They sell paper flowers here.

And by paper flowers I don’t mean paper flowers per se, I mean flowers that are wrapped in paper. Every bunch of flowers sold in the heart of Dublin is wrapped in the Independent or The Times. There aren’t any pre-selected cellophane travesties. You can’t buy an arrangement at the Tesco or petrol station. No, if you want flowers, your best bet is to walk into the center of the city and stand in front of the women with their buckets.

Every morning around 6 am young women, old women, gypsies, beggars, flower wholesalers, and the occasional sensitive male will show up on one of the many main drags of Dublin and bring their buckets and buckets of flowers to the city. Everything you can imagine, muted yellows, insatiable reds, dramatic blues, and romantic whites fill these obtrusive painter’s buckets.

And there, on the corners, these women wait.

And eventually, someone, anyone, walks up to the grayed woman reading the tabloidy Times and inquires into the price of lilies today? Or asks how much the daisies cost if they were to buy the entire bucket? And whether they heckle or not, someone stands in front of these buckets in the middle of the street, in the middle of the day, in the middle of Dublin town, for everyone, tourist, senator, hopeless romantic to see and asks to buy flowers… for someone…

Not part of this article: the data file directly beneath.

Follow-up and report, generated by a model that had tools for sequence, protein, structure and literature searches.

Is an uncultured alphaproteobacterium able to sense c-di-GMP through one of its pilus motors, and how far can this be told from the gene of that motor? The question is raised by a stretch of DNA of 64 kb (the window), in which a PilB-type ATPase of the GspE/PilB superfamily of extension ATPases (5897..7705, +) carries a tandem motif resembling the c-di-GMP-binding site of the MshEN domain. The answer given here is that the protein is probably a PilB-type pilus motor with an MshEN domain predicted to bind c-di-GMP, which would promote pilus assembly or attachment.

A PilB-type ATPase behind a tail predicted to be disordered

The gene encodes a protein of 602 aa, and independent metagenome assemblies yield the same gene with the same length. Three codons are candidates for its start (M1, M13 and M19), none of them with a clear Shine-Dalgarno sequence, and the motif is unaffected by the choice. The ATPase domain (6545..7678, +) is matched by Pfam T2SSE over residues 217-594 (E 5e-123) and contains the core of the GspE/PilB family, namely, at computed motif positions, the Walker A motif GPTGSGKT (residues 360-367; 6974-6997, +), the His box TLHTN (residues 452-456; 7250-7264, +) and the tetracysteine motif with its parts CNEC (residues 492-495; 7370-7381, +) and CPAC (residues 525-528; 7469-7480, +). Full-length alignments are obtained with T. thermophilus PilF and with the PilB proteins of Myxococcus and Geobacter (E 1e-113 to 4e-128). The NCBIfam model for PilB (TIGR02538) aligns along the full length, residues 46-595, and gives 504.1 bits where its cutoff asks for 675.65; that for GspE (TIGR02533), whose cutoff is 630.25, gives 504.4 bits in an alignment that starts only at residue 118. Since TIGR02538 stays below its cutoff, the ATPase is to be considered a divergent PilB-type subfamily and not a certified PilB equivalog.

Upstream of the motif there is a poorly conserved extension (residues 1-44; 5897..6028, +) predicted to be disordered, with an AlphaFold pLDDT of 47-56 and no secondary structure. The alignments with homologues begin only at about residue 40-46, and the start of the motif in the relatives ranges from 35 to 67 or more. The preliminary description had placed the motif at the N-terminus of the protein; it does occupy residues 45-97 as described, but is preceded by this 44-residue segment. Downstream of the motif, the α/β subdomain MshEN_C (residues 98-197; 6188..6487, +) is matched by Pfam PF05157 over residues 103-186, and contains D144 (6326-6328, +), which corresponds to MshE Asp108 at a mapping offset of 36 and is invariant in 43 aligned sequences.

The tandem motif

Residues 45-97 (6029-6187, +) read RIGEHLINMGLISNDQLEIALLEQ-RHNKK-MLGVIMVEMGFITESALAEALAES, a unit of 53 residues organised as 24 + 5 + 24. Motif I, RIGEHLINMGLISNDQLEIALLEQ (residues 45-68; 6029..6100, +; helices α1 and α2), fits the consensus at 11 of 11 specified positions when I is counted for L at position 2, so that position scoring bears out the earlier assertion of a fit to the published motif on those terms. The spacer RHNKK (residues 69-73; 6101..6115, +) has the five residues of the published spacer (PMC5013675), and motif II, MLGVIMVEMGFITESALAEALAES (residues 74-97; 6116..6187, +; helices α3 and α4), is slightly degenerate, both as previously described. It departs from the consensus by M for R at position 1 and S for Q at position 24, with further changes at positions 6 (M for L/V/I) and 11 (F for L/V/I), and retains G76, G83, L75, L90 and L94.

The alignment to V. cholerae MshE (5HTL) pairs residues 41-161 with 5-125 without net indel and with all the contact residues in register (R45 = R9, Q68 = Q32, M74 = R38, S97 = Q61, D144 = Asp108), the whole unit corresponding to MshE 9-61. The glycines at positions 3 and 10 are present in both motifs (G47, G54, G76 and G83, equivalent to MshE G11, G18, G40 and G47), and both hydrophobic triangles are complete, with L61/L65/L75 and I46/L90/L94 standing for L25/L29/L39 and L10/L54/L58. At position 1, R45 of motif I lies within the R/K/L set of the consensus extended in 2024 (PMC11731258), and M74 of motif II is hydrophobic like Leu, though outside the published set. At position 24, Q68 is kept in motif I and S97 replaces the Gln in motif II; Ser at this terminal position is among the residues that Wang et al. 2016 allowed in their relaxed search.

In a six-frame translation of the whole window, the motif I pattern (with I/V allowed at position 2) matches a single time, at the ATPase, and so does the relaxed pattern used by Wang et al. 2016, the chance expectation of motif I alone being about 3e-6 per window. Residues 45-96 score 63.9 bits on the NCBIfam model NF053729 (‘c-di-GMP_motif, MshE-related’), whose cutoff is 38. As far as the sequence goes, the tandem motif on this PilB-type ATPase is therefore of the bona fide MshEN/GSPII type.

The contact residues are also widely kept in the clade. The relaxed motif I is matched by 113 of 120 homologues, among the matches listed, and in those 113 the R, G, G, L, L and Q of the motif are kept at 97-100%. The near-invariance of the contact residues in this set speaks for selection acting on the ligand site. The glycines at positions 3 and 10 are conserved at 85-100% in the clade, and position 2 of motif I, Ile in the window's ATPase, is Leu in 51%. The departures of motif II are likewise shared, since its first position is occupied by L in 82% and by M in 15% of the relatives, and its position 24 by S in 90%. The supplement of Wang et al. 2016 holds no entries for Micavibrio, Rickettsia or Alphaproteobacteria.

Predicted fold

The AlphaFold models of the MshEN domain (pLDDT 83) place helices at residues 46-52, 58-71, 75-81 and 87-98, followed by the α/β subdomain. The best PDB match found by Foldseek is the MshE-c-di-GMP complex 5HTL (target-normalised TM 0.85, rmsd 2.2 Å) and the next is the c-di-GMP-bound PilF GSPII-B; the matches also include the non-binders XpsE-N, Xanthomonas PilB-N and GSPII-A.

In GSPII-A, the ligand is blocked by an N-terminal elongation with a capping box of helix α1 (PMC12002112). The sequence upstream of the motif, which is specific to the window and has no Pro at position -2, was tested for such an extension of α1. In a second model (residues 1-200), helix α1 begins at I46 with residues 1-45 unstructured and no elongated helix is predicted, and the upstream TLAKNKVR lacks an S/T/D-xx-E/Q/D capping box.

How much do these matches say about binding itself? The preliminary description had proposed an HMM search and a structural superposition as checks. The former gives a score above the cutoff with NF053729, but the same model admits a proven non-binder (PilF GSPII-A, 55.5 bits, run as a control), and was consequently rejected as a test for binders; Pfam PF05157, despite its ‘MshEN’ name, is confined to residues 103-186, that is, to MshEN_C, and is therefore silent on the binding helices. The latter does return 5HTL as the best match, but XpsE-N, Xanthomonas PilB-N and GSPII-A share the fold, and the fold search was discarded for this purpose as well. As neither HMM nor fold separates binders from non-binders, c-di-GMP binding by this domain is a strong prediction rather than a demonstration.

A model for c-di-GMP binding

The women always smile; they arrange their customer’s selections with great care, and after they finish, they grab a page of the paper and wrap that selection in the front page, or the comics, or whatever else is handy. They finish it with a big white bow, and send them on their way.

And off they walk, flowers in one hand, briefcase, or knapsack in the other, to where ever it is they were headed in the first place.

I love that moment.

And I don’t love it because its photo-worthy or colourful, which as you can see, it’s both. You know why I love it?

I love it because someone, who I will never know, for one brief moment, loved someone else more than themselves. I guess even more than the moment they were in. That person, man, woman, mother, sister, father, friend, for that brief fleeting instance, stopped and asked “how much the lilies were”, or “how much the bucket of daisies would cost”.

And when I see someone carrying their briefcase in one hand, and paper flowers in the other, I am moved. And its that, that inspires me to write.

And the best part of it all is that, if you keep your eyes open, there are people with paper flowers everywhere… on street corners, busses, cars, crosswalks, pubs..everywhere. So much love. Even if the flowers are just for the person who is buying them.

Every paper flower makes me smile. It makes me proud of the people I spend my lifetime on this planet with.

And I guess if I were the recipient of such a token, it would be “ The Daily Times” that ended up in my scrapbook before the scent and remembrance of the dried flowers. And why? Because there is a moment of proof positive, that sometime on the 21st of July 2004, someone loved you very much. So much so that you clouded their thoughts until they had to stop and ask about irises and daisies.

Its Amazing, isn’t it?

And that is the story of today. The one that caught me off guard.

If I were to have one wish, its this. That you stop at some flower shop and that your thoughts are so clouded by someone else that you have to buy them flowers.

I hope you do.

And that’s my story.